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FDNY firefighter falls 52ft to his death trying to save Brooklyn car crash victims

Steven Pollard
Pictured, Steven Pollard and the
Steven Pollard
Pictured, FDNY firefighter, Steven Pollard and the Parkway’s Mill Basin drawbridge where he fell from.

FDNY Firefighter Steven Pollard, Ladder 170, killed after fall from Belt Parkway’s Mill Basin drawbridge.

Tragedy has struck with the news that an FDNY firefighter plummeting to his death, Sunday night after attempting to save car crash victims along Brooklyn’s Belt Parkway’s Mill Basin drawbridge.

Steven Pollard, 30, a probationary firefighter with Ladder Company 170, was attempting to reach the victims on foot circa 10pm — and was crossing over from the eastbound lanes to the westbound lanes, where their flipped vehicle was — when he fell to the ground below.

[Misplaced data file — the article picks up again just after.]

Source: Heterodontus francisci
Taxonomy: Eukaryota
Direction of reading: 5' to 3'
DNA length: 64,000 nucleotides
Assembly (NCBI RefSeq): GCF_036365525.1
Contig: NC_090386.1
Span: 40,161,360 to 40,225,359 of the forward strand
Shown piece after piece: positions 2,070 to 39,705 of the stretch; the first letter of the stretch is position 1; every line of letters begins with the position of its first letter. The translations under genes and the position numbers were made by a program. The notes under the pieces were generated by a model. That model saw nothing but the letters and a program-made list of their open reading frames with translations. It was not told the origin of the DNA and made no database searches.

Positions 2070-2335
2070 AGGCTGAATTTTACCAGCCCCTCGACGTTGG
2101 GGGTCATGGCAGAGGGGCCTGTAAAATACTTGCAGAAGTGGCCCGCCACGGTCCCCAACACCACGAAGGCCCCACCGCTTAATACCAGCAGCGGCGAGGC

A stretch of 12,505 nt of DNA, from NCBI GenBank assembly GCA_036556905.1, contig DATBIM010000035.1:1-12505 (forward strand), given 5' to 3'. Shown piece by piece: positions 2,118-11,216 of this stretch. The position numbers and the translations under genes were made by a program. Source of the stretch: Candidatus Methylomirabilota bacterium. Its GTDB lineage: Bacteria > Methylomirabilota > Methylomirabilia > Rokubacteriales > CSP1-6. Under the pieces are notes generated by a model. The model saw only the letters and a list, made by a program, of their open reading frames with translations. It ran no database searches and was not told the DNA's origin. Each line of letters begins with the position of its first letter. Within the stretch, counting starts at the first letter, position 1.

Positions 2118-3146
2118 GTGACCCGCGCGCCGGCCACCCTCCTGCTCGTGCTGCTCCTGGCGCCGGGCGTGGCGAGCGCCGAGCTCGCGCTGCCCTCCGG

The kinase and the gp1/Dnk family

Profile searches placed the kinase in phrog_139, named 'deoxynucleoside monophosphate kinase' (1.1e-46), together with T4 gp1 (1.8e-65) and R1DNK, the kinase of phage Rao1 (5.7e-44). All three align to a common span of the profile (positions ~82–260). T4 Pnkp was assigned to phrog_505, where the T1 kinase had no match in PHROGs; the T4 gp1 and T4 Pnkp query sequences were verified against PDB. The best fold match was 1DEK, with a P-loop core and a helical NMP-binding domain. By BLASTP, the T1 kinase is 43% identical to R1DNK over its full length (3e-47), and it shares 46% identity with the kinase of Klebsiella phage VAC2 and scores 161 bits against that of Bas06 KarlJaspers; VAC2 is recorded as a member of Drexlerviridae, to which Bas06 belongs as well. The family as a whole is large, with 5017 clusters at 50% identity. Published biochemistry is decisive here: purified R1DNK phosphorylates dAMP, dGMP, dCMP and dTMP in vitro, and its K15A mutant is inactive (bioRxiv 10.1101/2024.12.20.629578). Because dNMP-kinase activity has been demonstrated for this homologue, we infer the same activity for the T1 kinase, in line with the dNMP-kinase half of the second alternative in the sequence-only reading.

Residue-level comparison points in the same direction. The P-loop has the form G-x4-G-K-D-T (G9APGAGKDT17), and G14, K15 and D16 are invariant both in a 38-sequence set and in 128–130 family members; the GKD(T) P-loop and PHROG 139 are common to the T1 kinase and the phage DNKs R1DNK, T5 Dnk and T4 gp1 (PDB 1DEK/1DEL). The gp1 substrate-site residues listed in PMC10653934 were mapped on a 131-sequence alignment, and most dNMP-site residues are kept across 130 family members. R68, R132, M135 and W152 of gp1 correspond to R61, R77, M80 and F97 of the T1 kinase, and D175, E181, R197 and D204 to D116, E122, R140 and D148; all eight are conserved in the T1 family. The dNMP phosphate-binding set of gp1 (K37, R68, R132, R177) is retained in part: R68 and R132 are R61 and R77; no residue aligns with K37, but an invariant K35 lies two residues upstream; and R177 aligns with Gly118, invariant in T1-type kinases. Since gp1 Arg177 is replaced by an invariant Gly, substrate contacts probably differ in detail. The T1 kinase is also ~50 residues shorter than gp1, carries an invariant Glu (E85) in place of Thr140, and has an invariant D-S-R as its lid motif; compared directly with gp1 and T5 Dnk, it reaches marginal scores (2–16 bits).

Fire officials said Pollard plunged 52 feet as he tried to traverse a gap in the road. It’s unclear, though, if he knew the gap was there when he tried to go across. The Mill Basin bridge was recently rebuilt, and now features a 2½- to 3-foot-wide space between each side of the highway.

‘The members of 170 had responded in the opposite direction, on the eastbound side, and needed to cross over the roadway to assist the injured motorists,’ said FDNY Commissioner Daniel Nigro in a press statement reported ABC7NY. ‘And in the process of crossing over, Steven fell to the ground below.’

FDNY Firefighter Steven Pollard remembered:

Authorities said Pollard crossed the Jersey barrier not knowing there was a roughly three-foot gap between the east and westbound lanes.

Pollard fell more than 50 feet onto hard sand. He was pronounced dead at Kings County Hospital.

‘It’s a very sad night here in our city,’ said Mayor Bill de Blasio during a Monday press briefing. ‘[Pollard] was trying to do such a good and important thing and it’s just really painful to see him as we did in the hospital room.’

De Blasio noted how Pollard had less than two years on the job and came from an FDNY family — his brother, Ray Jr., works as a firefighter in Brooklyn and sources said his dad, Ray, is a retired firefighter.

‘What makes this even more painful is this is a family that’s served our city for decades,’ said de Blasio.’ [Pollard] devoted his life to the people of our city, like his brother, like his dad.’